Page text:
Moroccan Saffron Chicken is another Moroccan dish with an eclectic blend of spices that is easy to prepare and oh so aromatic! Like all Moroccan food, it is the blend of spices, and the slow cooking process that makes this a most delightful and flavorful dish.
Moroccan cuisine has many influences, including Jewish, Berber and Andaloussi. Moroccan food is first and foremost based on fresh ingredients, aromatic spices and slow cooking methods which infuse the food with rich flavors.
I always like to make this recipe in my tagine dish; however, if you do not own a tagine you can make Moroccan Saffron Chicken in a crock pot, braising pan, Dutch oven, or rectangular baking dish. ( The post contains affiliate links to some great products on Amazon. If you place an order you will pay the same price as usual on Amazon and I will get a small commission to help support my site.)
One of the best things about Moroccan Saffron Chicken, apart from its wonderfully rich and aromatic flavor is the fact that it generates so much juice that you can save it, freeze it and use it a later date. For example, use it for cooking your rice instead of using water, or make a quick sauce for grilled shrimp or tilapia, by whisking in a little bit of flour. Better yet, freeze the extra juice into ice cubes and enjoy it as a base for future stews. The possibilities are simply endless!!!!
I know, one of the ingredients is saffron which is very expensive; however, you only use a minimal amount, so don’t let this scare you away from making this dish. You will see what I mean once you taste it!! Also, saffron, if stored in a cool and dry environment will last you quite a while. If you want to learn more about this wonderful spice, check out my article on this blog.
I think I talked about my tagine dish before in a previous post, and what a great addition to my kitchen it has been. Anyhow, the most important aspect of this dish is to cook it very slowly so all the flavors have ample time to seep in. Lately I have seen tagine dishes start to become part of mainstream cookery. Bed Bath and Beyond, and I believe Sur La Table sell them in different colors, so you can coordinate with your kitchen décor! How about that?
Here are some general use and care tips for tagine cooking. I have included these tips on other recipes but they are worth repeating when you invest a few dollars in a nice tagine. If you buy one, I recommend you purchase one with with a matching design since it will serve the double function of a decoration piece in your kitchen. If you have a gas stove, you also need to be sure to use the tagine heat difuser and not set it directly on the flame.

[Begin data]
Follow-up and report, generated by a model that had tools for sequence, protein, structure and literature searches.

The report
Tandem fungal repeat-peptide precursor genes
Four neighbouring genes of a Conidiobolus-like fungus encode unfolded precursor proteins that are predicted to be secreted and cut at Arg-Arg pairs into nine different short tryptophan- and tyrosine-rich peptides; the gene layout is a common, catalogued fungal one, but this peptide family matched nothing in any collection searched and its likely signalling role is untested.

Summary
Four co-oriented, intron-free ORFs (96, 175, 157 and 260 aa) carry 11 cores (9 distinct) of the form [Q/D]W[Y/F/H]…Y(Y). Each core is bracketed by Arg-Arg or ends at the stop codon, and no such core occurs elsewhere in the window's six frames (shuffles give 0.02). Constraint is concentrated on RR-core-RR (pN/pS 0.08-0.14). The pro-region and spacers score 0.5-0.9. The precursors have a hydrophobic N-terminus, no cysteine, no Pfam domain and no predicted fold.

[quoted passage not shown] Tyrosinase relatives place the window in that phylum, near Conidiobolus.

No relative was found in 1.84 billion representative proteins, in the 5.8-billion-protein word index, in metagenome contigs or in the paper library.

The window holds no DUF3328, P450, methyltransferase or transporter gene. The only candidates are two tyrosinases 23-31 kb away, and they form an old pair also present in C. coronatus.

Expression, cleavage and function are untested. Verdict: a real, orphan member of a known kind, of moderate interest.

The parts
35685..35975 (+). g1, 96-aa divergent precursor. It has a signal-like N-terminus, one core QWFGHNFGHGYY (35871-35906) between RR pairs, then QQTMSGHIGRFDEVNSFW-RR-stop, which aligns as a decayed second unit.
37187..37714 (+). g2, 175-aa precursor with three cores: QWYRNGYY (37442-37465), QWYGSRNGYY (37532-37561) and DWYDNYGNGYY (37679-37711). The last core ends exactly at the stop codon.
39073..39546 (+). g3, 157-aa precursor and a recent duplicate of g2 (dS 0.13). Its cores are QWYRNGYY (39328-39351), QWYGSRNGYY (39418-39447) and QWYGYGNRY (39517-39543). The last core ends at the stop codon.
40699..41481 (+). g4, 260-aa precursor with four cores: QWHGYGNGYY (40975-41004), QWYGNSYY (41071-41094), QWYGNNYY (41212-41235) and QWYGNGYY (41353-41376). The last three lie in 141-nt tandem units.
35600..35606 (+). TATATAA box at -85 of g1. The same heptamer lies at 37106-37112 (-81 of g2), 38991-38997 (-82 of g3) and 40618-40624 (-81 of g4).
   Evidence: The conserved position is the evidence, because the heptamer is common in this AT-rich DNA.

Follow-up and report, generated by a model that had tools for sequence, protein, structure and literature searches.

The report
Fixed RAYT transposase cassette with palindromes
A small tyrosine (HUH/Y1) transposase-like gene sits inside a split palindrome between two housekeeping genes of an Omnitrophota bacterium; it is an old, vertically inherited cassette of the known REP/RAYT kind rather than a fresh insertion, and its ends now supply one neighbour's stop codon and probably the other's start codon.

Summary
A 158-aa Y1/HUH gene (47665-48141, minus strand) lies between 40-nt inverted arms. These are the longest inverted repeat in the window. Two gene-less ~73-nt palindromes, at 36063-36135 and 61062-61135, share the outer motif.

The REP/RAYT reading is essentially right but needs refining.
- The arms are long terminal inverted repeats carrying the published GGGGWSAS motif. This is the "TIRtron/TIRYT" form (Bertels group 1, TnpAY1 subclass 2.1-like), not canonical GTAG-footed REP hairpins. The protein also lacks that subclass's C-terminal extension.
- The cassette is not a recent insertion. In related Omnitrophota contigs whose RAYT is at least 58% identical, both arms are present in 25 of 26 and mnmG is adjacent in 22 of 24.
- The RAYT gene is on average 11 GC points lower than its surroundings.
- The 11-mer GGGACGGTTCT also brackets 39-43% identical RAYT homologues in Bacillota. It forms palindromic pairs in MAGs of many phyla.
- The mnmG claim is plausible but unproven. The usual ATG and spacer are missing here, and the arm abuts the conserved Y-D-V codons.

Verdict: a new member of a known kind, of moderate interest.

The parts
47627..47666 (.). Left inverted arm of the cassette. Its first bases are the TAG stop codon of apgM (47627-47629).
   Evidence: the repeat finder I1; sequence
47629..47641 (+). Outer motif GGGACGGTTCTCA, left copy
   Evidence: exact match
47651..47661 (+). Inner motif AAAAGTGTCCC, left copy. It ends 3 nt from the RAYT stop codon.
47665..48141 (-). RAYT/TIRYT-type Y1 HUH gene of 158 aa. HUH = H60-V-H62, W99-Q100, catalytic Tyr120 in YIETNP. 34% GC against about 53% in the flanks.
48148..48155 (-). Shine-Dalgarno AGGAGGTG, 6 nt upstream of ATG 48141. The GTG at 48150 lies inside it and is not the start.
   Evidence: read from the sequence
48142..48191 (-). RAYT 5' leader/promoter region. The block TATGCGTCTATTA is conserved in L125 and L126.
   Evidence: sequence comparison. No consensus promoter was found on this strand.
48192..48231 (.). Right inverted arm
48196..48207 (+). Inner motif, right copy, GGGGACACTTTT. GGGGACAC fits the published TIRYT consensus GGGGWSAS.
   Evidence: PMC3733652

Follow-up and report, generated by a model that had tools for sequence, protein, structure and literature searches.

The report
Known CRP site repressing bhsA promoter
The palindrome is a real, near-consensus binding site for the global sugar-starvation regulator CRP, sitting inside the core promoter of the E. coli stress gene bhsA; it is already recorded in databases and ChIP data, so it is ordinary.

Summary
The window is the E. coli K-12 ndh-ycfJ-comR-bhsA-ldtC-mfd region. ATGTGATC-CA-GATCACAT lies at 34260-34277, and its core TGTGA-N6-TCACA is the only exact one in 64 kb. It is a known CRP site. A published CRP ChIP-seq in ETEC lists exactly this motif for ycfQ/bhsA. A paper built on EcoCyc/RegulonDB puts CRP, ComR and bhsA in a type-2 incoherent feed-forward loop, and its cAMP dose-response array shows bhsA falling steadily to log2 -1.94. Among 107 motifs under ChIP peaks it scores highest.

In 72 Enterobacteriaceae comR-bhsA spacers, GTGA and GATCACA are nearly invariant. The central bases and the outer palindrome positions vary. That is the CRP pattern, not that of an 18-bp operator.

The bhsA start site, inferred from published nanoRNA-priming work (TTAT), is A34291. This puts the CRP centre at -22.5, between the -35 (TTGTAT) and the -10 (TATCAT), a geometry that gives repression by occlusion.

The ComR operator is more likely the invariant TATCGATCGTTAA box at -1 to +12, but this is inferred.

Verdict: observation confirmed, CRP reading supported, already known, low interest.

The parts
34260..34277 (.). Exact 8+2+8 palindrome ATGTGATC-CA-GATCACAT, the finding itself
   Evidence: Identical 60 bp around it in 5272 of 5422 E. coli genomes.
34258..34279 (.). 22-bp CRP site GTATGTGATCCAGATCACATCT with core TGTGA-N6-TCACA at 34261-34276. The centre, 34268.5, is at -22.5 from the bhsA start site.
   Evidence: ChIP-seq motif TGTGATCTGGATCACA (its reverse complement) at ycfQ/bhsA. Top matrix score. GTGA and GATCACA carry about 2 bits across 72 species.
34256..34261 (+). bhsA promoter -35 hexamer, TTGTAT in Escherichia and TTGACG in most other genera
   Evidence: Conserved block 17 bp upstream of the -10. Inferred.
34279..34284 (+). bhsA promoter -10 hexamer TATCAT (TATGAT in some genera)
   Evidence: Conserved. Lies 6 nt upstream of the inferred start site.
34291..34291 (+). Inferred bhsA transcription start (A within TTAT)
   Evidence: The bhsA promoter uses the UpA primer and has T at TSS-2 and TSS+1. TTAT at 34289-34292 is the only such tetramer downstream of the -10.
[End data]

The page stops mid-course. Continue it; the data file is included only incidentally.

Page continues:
If you buy a new tagine you need to cure it. Soak the tagine in water for 24 hours. Remove it from the water, dry it off and then rub olive oil by hand on the inside of the dish and lid. Place the tagine in a cold oven and set to 225 f for 2 hours and then turn off and let the oven cool completely. The heat will vaporize the water that was soaked into the clay and draw in the olive oil to season the vessel. Once it has cooled it is now cured. Always wash your tagine by hand and do not soak in soapy water. When making chicken tagine I like to buy a whole roaster chicken and cut it into pieces with a large butcher knife or sturdy kitchen shears. This is very authentic as the whole chicken is cooked with no waste. I only discard the backbone. You can easily adapt the recipe to cook in a dutch oven or slow cooker too. Just check when the chicken is fork tender and it is done.
By the way, did I tell you that Moroccan Saffron Chicken will fill your house with a wonderful aroma?
This recipe has been adapted from allrecipes.com.
A tagine makes a beautiful addition to your kitchen for cooking and for a display piece too!
Here are some of my favorites:
If you love the exotic flavors of North African cuisine like Moroccan dishes here are some easy recipes to try at home and you won’t be disappointed. Bookmark some and come back later to try them. I’d love to hear from you!
Moroccan chicken tagine combines a nice blend of spices, tomatoes with potatoes.
Moroccan country bread or Khobz Maghribi is a simple bread that is often used as the “utensil” when eating tagine.
North African lamb meatballs combine a spicy tomato based sauce with sweet apricots and saffron.
Tabouleh is a popular salad in most Arab countries that consists of bulgur wheat with fresh parsley and onions.
Moroccan Saffron Chicken
Moroccan Saffron Chicken is a dish with an eclectic blend of spices that is easy to prepare and oh so aromatic! Like all Moroccan food, it is the blend of spices, and the slow cooking process that makes this a most delightful and flavorful dish.
- You can prepare this dish in a tagine dish, Dutch oven, or crockpot.
- In a small dish place all the spices, except for the cinnamon stick. Mix well, and set aside.
- Line the bottom of your Dutch oven/tagine or crockpot with the onions and drizzle with olive oil; add the butter, cilantro and place the cinnamon sticks on top. Place the chicken pieces on top of the onion mixture. With a sharp knife, poke the pieces of chicken in several places to allow the flavors to really seep in. Sprinkle the spice mixture over the chicken; toss and cover.
- Cook on low heat for about 1 hour or until chicken is very tender.
- If using a crock-pot or other cooking vessel, please adjust the cooking time accordingly.
- Serve with rice pilaf or couscous.